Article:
Chicago (November 7, 2012)--An acute care surgery model led to improvement in the quality of surgical patient care and reduced the cost of emergency surgical care at Loma Linda University Medical Center, report researchers who published their findings in the November issue of the Journal of the American College of Surgeons.
"Our surgical team is one of the first to address the cost of care in an acute care surgical setting," said Nephtali Gomez, MD, study coauthor and instructor in general surgery. The single most significant finding of our study is that it is possible to improve patient outcome, while at the same time reducing the cost of care," Dr. Gomez said.
The authors explain that the acute care surgery service model was designed to combine trauma and emergency general surgery divisions into one 12-hour in-house shift service and was implemented on July 1, 2010, at their institution, Loma Linda University Medical Center, Loma Linda, CA. The authors report that this new model "replaces the traditional model whereby non-trauma patients needing emergency surgical care had to wait for the general surgeon on call, who was usually preoccupied with other activities, such as office consults or elective surgery, which often occur outside of the hospital. This resulted in delays of the evaluation and treatment of these critical patients." Additionally, the weekend shift for general surgeons spanned 72 hours with the backup surgeon being the trauma surgeon covering what was a separate service at that time and resulted in an extremely strenuous call.
The researchers compared patient outcomes and cost of operations performed in an acute care setting with a traditional surgical care model in patients undergoing appendectomy and cholecystectomy (surgical removal of the gall bladder) procedures, which are two of the most common surgical emergencies in the U.S. An estimated 280,000 appendectomies and 120,000 cholecystectomies are performed annually.
In the retrospective study, the traditional surgical team performed 82 appendectomies and 51 cholecystectomies from July 2009 to June 2010. The acute care surgery team performed 93 appendectomies and 51 surgical removals of the gallbladder from July 2010 to June 2011.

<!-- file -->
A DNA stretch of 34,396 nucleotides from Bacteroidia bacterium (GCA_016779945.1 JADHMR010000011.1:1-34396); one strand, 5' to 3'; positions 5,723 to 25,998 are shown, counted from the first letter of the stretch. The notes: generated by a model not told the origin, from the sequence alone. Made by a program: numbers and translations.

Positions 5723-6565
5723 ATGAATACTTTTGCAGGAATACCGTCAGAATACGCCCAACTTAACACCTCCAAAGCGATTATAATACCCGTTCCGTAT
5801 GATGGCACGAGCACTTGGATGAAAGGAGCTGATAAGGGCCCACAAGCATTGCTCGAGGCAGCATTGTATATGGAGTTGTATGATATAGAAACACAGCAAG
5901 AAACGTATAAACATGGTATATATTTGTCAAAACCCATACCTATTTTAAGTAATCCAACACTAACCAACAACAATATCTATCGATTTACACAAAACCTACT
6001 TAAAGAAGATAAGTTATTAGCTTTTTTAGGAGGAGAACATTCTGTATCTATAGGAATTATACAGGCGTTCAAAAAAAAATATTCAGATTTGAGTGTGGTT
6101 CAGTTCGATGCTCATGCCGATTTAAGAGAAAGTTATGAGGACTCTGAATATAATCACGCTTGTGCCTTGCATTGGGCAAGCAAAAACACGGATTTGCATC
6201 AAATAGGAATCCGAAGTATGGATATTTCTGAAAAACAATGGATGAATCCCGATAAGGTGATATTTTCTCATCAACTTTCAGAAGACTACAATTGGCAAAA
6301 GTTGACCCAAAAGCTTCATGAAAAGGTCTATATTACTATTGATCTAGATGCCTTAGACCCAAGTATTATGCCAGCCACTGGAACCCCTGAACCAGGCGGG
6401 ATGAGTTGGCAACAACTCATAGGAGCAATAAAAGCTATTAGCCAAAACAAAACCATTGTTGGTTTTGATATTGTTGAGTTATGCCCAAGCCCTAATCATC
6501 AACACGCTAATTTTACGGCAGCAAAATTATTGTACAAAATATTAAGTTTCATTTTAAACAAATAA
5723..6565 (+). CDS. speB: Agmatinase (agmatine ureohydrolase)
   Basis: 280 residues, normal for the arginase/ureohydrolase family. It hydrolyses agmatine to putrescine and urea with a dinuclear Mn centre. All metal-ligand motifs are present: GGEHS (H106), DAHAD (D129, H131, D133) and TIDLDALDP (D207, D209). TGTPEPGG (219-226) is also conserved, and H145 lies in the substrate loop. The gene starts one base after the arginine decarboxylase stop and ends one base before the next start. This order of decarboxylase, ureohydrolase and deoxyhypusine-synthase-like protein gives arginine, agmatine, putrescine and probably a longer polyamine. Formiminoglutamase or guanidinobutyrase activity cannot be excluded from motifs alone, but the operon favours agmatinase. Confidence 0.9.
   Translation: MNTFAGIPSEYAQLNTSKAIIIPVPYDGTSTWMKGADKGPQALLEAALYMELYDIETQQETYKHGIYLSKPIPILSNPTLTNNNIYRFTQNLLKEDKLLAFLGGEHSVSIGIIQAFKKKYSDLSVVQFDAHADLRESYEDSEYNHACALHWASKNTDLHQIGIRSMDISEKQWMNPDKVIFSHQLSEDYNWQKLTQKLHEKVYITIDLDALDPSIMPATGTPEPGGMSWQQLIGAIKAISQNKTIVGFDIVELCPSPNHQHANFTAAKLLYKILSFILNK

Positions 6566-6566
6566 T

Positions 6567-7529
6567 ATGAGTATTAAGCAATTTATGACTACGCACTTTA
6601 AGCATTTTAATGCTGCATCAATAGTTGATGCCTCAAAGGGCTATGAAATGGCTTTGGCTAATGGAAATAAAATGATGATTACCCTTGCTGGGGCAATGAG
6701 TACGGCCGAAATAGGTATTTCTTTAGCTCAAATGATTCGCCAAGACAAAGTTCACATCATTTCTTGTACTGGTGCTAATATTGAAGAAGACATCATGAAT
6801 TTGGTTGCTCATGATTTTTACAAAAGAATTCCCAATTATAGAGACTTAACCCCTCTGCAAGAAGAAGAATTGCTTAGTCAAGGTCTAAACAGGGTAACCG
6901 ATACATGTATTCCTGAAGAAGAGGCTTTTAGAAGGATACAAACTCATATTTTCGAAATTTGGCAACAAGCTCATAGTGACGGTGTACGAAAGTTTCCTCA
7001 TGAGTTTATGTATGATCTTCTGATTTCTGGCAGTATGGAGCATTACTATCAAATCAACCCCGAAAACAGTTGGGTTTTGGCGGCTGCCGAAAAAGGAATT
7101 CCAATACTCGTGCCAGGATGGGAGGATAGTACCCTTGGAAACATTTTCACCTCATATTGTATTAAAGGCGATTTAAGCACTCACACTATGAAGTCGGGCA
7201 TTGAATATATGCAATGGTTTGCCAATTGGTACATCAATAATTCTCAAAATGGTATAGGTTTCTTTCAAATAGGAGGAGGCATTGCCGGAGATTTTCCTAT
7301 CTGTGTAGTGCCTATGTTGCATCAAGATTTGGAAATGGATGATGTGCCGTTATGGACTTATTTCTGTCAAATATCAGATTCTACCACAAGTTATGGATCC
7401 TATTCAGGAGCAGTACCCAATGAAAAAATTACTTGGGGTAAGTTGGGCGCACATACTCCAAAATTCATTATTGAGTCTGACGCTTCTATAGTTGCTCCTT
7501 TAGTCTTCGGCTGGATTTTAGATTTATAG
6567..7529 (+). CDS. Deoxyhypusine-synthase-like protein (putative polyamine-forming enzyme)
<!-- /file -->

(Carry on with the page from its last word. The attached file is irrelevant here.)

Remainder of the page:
Researchers found that patients benefited significantly from earlier surgical evaluation, earlier surgical intervention, earlier recovery, and earlier return to home in the acute care model compared with the traditional model.
In the traditional model, researchers reported the mean cost for each patient undergoing appendectomy was $8,942.00 compared with the acute care surgery model of $7,018.00, a cost savings of $1,024.00 per patient.
For each patient undergoing cholecystectomy, the cost saving was a significant $3,225.00 in the acute care surgery model, according to researchers, who reported the cost for the traditional model was $13,128.00 compared with $9,903.00 in the acute care surgery model.
The acute care surgery team, combining trauma procedures and general surgical pro-cedures, also has an impact on the training and education of surgeons, according to Dr. Gomez.
"It will be part of the post-residency training of the new generation of critical care surgeons," he said. "As more institutions turn to the acute care model, medical centers will be looking for surgeons who have background and training in the acute care surgery model."
A movement that started a few years ago, "the acute care surgery model is definitely now a trend, as more and more medical centers switch to the acute care model, especially since the initiation of fellowships in acute care surgery," Dr. Gomez said.
The improved timeliness of care, from surgical evaluation to length-of-stay in the hos- pital is key to the acute care surgery model, according to the authors. It reorganizes the use of trauma and general care surgeons into one seamless team of surgeons who work 12-hour shifts, eliminating 24-hour on-call and other clinical duties, that allow the surgeons to be immediately available.
In the appendectomy patient groups, the time to surgical evaluation was 6.6 hours in the traditional model, while the acute care model reduced that time by two hours. The time to the operating room was 16 hours in the traditional model, while the acute care model reduced that time to 11 hours. The length of hospital stay was shaved from 2.8 days to 1.8 days with the acute care model, a reduced length-of-stay of about one day.
As the authors state: "These reductions in time translated into fewer patients with complications and substantial savings for each case and overall better outcomes in the acute care surgery group."
In the cholecystectomy patient groups, the acute surgical care team significantly reduced the time to surgical evaluation by 5.84 hours and significantly reduced the time to the operating room by 25.37 hours, according to the researchers who also found fewer patients developed complications and length of hospital stay was two days less than with the traditional team.
The acute care surgery model means the trauma surgeon will cover both general surgical emergencies and trauma operations, thus reducing the team to two surgeons, one on call and one as back-up, who are more effectively rescheduled instead of three surgeons.
"Reducing the cost of care while improving the outcome of patient care means that there is hope and room for improvement in the delivery of health care, especially surgical care," Dr. Gomez said. "Our findings should encourage other institutions to implement an acute care surgery model," he said.
The study was funded by the Department of Surgery, Loma Linda University.